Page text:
The effort to defeat the repeal is clearly aimed at Republican lawmakers who will be the difference between sustaining or overriding Gov. John Lynch's promised veto if House Bill 437, the repeal legislation, makes its way to his desk.

A new poll done by Voter Consumer Research Inc.'s Jan van Lohuizen, who was former President George W. Bush's pollster for both of his presidential campaigns, will be released Wednesday at a legislative breakfast sponsored by Standing up for New Hampshire Families.

The results of the poll of 712 likely New Hampshire voters show an overwhelming majority of Democrats and solid majority of independent voters believe strongly the law should remain in effect.

According to van Lohuizen, 'Any legislator needing to attract independent and/or Democratic voters would be giving their opponent a message (to use) against them' in the general election.

The poll found New Hampshire voters want elected officials to focus on jobs and the economy, taxes and spending, and education, with little interest in the social issues such as gay marriage and abortion.

Republican primary voters are split on the issue of gay marriage, with 47 percent in support of repeal and 47 percent in support of leaving it in place, according to the poll, which reflects similar findings to the Granite State Poll done by the University of New Hampshire Survey Center.

Pollsters found a vote for repeal would do little to sway Republican primary voters, who particularly want lawmakers to focus on fiscal issues.

Pollsters said the strategy should be clear: 'Focus on issues that are important to voters today, taxes, government spending, the economy and jobs. Don't spend a lot of time on issues voters aren't interested in today that will make you seem out of touch, like traditional social issues that also run the risk of looking like the candidate is ignoring the economic concerns of the day.'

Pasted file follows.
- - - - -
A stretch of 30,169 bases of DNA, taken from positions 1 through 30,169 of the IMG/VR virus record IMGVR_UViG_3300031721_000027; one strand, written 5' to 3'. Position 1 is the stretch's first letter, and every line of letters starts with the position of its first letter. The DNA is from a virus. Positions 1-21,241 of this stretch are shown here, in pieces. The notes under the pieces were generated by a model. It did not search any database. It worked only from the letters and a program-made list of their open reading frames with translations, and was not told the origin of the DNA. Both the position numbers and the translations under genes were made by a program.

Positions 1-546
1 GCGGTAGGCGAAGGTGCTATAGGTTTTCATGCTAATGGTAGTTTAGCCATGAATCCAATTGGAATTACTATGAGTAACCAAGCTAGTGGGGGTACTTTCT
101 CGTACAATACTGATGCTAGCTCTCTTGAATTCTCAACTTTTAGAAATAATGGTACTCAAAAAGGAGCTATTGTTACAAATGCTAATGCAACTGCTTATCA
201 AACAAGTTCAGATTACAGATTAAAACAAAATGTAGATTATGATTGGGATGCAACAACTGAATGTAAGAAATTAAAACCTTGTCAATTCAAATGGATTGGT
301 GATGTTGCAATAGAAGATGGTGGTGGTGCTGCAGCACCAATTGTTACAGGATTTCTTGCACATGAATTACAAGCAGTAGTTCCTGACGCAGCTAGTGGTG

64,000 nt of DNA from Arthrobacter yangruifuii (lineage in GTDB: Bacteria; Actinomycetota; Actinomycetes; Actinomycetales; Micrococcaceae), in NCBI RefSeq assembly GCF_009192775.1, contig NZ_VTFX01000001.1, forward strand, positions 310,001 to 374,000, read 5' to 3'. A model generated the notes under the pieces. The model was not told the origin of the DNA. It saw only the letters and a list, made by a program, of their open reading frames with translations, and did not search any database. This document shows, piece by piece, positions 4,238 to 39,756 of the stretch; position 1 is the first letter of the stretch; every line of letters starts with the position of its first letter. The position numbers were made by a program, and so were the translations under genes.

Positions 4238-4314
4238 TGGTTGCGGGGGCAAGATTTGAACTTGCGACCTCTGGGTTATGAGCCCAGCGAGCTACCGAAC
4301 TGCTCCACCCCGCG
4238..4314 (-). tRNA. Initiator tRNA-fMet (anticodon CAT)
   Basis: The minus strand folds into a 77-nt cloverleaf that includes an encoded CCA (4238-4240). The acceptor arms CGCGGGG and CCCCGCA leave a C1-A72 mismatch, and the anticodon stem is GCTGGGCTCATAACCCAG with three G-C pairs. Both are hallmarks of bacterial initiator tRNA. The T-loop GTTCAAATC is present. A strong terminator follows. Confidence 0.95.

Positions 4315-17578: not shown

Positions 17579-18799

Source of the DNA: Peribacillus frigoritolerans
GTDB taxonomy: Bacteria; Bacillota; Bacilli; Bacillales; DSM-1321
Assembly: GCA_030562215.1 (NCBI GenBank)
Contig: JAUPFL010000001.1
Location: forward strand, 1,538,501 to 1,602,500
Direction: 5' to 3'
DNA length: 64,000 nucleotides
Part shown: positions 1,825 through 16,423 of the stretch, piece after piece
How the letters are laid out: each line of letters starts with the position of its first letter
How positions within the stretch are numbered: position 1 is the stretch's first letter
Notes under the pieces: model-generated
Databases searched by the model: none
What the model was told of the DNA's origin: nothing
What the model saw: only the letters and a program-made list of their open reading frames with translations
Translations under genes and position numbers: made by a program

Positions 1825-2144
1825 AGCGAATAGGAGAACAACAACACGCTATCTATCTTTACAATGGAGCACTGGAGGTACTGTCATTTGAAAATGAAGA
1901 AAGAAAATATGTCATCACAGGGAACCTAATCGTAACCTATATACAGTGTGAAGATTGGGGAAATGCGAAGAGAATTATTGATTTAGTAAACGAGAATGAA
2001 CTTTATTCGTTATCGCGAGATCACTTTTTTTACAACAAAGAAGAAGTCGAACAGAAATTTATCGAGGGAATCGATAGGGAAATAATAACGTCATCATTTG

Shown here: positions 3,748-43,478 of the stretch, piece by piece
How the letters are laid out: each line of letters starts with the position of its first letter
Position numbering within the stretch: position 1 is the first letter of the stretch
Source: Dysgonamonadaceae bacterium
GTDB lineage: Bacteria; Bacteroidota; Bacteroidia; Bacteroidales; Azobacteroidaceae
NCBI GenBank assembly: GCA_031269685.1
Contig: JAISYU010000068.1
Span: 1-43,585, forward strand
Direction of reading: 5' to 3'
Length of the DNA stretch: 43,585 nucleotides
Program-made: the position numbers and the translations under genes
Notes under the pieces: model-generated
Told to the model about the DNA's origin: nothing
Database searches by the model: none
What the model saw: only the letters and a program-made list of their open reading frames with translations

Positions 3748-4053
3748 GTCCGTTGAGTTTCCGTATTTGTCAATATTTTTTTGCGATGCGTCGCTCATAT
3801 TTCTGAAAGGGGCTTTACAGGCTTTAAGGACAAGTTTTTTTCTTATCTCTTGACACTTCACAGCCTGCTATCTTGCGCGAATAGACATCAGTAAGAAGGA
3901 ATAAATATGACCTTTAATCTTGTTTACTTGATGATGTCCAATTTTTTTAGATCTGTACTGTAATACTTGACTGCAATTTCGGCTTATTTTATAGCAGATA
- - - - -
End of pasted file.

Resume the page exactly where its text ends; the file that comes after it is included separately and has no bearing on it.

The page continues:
Also last week, Standing Up of New Hampshire Families announced the formation of a political action committee (PAC) to support Republican candidates who support the current law and oppose repeal. The PAC is called New Hampshire Republicans for Freedom and Equality.

Sean Owen, CEO of wdu and Printer's Square in Manchester, is the PAC chairman. The group hopes to raise at least $100,000 to support individual candidates and make independent expenditures in key races.

'We cannot sit by and allow the freedom to marry in New Hampshire to be hijacked by a few,' added Owen. 'The truth is there are many Republicans who strongly believe that any attempt to reverse or undermine the freedom to marry law is the wrong move. Those determined to roll back the freedom to marry want legislators to overlook the fact that 62 percent of voters reject repeal, including the plurality of GOP primary voters.'

Standing Up is also running television and radio ads opposing the repeal of the gay marriage law.